All-Teen 'West Side Story' Delivers Message with Music
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by Jan Nargi
Boston Children's Theatre (BCT) - the only performing arts organization in Boston whose sole mission is to provide live theatre opportunities for and by children - combined its recent 50th anniversary presentation of the classic musical West Side Story with a potent message: gang violence has tragic consequences. Because of the age appropriateness of the all-teen cast, the turf wars depicted between the Sharks and Jets came alive with new meaning as multi-racial and multi-ethnic kids from Boston's inner city and its more affluent suburbs shared the stage - and drove their points home in dramatic fashion.
Presented in dinner-theater format with the audience seated at round tables, each performance of West Side Story included an open discussion of teen violence prevention. Prior to the opening curtain, guests were invited to consider how violence, bigotry, racism and other forms of prejudice and discrimination have affected their lives. They were also challenged to define a gang and offer ways in which they could help diffuse violence in their own communities. Following the performance, discussions resumed, this time facilitated by leaders specializing in teen violence prevention.
This is the first time in its 57-year history that Boston Children's Theatre has chosen a production performed by an all-teen cast specifically for a teen audience. Patricia M. Gleeson, executive Director of Boston Children's Theatre and director of West Side Story, says, "Every day in Boston, just as in New York City 50 years ago, young people find themselves in a world filled with violence - on the news, on the street, in school, and even at home. Boston Children's Theatre chose to produce West Side Story as a way for young people not only to take part in a wonderful musical theatre experience, but also to learn about themselves and their peers, and to participate in discussions about possible roots and remedies to the violence of today. This is what great theatre does best - present ideas."
BCT brings together students from all walks of life. Some of the cast members of West Side Story have been performing on stage since elementary school. Others were making their theatrical debuts. While some of the talent may still be rough around the edges, it was clear that each of these young actors had been schooled well and understood the complexities that drove their characters to make ill-fated choices.
Much of the credit for the sincerity of the performances in West Side Story goes to Gleeson, as well as musical director Markus Hauck and choreographer Khary Green, a BCT alum. They each have an apparent gift for working with their individual cast members' unique strengths, making shrewd casting choices and helping their young artists focus on the honest emotion within a song or scene.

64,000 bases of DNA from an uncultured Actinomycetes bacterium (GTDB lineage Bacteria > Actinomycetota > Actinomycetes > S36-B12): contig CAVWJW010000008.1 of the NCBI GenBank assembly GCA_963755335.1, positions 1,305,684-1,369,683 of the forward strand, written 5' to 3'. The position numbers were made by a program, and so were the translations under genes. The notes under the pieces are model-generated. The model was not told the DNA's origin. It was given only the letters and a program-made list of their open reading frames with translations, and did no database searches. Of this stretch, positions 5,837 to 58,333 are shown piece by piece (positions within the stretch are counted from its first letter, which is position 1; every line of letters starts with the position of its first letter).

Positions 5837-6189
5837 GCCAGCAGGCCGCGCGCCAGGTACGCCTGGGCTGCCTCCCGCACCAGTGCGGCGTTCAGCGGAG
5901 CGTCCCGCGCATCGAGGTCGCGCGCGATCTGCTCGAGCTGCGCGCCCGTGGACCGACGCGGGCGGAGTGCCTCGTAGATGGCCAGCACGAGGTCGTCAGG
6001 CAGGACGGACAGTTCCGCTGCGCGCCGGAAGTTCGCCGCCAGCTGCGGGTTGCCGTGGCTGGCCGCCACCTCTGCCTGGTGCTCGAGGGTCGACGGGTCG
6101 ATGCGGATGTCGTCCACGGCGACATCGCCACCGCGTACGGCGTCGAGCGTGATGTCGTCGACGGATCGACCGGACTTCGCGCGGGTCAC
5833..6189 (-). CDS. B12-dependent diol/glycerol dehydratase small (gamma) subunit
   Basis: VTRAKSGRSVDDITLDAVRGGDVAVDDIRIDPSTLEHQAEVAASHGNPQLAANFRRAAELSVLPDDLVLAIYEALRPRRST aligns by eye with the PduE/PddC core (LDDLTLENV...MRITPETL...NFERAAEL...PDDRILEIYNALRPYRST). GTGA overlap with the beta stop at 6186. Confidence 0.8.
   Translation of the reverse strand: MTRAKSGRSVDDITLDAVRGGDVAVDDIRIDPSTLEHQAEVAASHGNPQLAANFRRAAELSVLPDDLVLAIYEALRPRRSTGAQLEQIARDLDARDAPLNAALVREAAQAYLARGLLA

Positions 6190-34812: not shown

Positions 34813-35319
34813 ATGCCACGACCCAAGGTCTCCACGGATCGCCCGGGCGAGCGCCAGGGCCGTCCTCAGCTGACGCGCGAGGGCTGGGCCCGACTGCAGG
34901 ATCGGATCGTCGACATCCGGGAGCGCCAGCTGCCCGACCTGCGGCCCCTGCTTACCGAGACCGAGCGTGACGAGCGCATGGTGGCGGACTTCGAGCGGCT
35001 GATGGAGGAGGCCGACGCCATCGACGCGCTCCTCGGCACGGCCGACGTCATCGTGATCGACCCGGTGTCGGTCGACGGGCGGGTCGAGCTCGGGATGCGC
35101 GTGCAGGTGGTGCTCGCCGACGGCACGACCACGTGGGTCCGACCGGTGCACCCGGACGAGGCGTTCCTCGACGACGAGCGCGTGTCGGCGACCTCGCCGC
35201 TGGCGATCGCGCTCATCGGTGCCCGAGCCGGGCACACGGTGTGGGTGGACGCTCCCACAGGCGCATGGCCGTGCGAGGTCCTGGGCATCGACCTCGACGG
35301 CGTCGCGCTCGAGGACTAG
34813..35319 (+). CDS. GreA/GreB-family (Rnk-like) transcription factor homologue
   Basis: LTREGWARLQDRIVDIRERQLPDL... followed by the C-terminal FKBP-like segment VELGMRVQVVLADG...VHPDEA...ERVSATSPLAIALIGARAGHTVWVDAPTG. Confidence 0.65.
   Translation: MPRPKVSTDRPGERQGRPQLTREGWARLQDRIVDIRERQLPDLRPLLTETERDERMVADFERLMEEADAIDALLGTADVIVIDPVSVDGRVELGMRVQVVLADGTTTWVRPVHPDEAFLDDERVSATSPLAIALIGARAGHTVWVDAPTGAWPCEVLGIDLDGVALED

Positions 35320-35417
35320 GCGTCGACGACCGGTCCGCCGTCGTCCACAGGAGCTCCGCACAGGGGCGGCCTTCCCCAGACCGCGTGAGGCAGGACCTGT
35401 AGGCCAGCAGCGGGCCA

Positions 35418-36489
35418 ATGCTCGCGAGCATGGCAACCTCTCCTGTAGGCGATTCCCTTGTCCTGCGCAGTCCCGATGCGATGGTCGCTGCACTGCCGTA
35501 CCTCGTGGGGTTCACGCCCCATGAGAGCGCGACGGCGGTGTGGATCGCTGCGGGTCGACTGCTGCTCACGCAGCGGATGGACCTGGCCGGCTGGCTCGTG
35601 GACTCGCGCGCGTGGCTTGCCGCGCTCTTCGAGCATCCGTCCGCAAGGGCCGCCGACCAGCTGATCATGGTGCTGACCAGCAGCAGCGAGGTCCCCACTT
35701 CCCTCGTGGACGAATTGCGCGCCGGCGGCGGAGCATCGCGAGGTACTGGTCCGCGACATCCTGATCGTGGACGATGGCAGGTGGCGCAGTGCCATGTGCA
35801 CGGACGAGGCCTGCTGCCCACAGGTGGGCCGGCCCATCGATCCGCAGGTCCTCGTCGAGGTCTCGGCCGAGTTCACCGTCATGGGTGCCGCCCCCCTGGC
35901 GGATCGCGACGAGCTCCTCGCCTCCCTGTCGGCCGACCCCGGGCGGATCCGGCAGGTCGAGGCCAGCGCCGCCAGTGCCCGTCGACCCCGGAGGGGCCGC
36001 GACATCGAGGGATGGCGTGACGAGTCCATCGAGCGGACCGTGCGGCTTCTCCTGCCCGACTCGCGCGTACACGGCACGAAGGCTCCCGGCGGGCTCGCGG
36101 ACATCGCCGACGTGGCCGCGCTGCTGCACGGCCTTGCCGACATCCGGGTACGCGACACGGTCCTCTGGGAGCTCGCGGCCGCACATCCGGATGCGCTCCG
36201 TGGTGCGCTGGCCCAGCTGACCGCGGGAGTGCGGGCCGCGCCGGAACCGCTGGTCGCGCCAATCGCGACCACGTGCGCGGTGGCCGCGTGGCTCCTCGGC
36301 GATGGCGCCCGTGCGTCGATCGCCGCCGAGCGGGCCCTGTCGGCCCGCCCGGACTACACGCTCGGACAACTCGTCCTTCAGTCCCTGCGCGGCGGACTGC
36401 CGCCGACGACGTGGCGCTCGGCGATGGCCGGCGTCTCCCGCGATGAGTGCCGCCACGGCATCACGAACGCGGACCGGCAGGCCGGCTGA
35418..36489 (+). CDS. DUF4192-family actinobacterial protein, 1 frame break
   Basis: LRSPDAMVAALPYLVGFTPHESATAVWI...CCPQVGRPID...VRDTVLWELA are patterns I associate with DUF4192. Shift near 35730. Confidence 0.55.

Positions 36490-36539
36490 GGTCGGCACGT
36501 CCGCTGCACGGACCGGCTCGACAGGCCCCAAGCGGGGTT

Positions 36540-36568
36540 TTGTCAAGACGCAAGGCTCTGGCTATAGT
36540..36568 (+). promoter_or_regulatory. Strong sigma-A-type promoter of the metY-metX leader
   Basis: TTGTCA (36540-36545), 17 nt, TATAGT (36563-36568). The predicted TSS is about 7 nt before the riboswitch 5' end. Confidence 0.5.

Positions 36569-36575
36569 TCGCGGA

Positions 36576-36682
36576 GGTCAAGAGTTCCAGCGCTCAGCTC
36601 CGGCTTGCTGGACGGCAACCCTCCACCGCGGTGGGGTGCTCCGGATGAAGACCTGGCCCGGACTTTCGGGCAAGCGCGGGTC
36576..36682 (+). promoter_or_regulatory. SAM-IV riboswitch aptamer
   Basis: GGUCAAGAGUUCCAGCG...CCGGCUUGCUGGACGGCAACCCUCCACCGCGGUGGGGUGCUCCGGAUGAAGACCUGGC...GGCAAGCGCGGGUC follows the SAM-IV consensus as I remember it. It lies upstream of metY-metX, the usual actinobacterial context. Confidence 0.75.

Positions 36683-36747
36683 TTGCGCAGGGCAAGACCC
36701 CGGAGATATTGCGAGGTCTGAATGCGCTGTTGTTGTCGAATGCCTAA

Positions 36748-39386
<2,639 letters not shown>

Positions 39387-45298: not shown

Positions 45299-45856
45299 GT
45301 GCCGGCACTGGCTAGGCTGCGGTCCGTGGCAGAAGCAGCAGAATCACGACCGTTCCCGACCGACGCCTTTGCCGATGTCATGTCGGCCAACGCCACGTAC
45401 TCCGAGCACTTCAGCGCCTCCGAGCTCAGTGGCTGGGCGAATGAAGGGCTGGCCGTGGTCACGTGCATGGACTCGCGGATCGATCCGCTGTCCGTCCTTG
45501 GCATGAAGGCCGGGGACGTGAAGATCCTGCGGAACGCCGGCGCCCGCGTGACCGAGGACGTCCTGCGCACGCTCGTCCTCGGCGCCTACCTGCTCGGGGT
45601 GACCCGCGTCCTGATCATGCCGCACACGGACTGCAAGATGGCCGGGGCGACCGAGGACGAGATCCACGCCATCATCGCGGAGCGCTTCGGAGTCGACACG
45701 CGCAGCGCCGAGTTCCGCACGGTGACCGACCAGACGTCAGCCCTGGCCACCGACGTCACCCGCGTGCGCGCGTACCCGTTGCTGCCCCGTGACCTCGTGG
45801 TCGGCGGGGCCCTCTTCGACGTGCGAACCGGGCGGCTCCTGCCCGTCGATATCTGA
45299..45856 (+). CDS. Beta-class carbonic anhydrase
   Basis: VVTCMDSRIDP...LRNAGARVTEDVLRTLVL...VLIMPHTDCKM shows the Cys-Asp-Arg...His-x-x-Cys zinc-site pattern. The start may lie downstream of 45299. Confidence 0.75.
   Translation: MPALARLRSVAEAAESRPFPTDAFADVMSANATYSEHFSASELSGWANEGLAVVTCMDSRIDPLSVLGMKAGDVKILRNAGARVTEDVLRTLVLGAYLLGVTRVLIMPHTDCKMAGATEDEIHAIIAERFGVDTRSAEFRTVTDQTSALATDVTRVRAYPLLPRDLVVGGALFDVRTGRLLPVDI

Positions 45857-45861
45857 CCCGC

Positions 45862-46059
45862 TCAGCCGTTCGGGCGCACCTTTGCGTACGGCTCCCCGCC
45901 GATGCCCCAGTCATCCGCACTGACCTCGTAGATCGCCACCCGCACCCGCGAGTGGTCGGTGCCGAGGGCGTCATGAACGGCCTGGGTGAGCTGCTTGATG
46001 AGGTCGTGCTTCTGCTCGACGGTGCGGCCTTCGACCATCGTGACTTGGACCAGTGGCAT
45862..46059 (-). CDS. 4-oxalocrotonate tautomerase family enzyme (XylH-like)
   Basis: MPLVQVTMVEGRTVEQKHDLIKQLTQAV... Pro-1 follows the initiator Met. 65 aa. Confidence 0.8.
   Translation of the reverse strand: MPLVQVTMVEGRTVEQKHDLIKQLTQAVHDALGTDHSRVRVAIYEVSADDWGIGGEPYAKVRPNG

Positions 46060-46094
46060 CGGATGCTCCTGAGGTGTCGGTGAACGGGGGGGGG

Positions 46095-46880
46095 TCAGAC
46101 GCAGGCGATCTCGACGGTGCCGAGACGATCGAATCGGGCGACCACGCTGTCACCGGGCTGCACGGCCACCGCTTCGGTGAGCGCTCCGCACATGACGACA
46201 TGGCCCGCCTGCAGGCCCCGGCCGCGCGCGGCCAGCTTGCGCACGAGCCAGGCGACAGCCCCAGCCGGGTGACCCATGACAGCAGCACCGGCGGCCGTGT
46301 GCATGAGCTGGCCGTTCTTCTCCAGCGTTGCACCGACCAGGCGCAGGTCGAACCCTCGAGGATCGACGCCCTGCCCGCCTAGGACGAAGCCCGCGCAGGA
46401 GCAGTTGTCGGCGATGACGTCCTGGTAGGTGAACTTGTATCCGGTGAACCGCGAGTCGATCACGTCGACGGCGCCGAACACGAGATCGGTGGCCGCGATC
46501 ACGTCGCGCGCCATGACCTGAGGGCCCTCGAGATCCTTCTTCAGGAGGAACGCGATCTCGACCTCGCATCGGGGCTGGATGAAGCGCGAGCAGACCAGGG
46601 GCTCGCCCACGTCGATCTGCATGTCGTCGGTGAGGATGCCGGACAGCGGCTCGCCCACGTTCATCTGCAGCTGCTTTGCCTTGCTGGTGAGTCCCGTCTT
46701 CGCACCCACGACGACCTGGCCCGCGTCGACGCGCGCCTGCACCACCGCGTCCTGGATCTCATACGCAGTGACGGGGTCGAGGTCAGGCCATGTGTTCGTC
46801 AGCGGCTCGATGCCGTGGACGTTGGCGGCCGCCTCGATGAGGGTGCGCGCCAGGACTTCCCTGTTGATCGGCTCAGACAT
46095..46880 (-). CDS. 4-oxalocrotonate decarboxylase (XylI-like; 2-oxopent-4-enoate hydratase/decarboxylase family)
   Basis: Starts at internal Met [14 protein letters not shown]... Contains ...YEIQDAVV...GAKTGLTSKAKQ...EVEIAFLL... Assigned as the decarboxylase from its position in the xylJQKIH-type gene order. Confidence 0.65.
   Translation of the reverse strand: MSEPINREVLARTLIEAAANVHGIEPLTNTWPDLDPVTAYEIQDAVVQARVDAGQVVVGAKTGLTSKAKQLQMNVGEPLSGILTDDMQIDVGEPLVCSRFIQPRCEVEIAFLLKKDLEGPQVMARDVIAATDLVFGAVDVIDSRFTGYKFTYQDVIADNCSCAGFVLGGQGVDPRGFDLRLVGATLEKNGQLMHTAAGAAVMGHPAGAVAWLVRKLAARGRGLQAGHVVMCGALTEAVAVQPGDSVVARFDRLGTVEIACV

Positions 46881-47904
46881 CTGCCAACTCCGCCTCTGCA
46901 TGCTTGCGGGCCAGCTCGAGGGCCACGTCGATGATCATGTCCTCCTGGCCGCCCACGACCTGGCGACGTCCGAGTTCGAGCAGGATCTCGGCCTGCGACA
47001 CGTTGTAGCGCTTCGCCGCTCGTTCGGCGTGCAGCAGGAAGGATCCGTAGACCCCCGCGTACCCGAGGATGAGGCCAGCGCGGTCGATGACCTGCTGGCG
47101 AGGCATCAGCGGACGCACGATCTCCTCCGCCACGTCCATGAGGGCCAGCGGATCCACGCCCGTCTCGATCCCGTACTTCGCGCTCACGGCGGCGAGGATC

Memorable production numbers included very well choreographed fights between the Sharks and Jets that were more realistically brawling than traditionally balletic; excellent dancing at the gym led by Riff (Kevin Mahoney) and his girl, Graziella (Carrie Widmer); an appropriately sarcastic and rousing "America" featuring Anita (Liana Gineitis) and the girls (Jessica Nahigian, Amelia Stone, Rosey Allen, and Thuy-Van Tran); and a very masculine and funny "Officer Krupke" featuring A-Rab (Dan Reardon) and the Jets (Kevin Paquette, Jack Walsh, Daniel Chase, MiLes Thomas-Moore and Kevin Chase). More intimate but equally potent scenes were a warmly romantic, tender, and optimistic wedding fantasy between Tony (Alex Starr) and Maria (Sarah Jade Kwolek); a heartfelt "A Boy Like That/I Had a Love" by Gineitis and Kwolek; and Kwolek's gripping final speech in which Maria, too, has now learned what it means to hate.
Boston Children's Theatre is a non-profit arts and education organization that has provided year-round opportunities for "live theatre for children by children" that are accessible, available, and affordable for all youth and families since 1951. Each year, BCT works with nearly 500 young artists and presents more than 100 performances that entertain an annual audience of 15,000.
For more information about other Boston Children's Theatre programs, please phone BCT at (617) 424-6634, visit the web site at www.bostonchildrenstheatre.org, or email firstname.lastname@example.org.
PHOTOS: Alex Starr and Sarah Jade Kwolek as Tony and Maria; Brion Rock (center) as Bernardo, with Minh Nguyen, Albert Wong, Patrick Abberton and Hector Medina as the Sharks; Liana Gineitis (center) as Anita with Jessica Nahigian, Amelia Stone, Thuy-Van Tran and Rosey Allen as the girls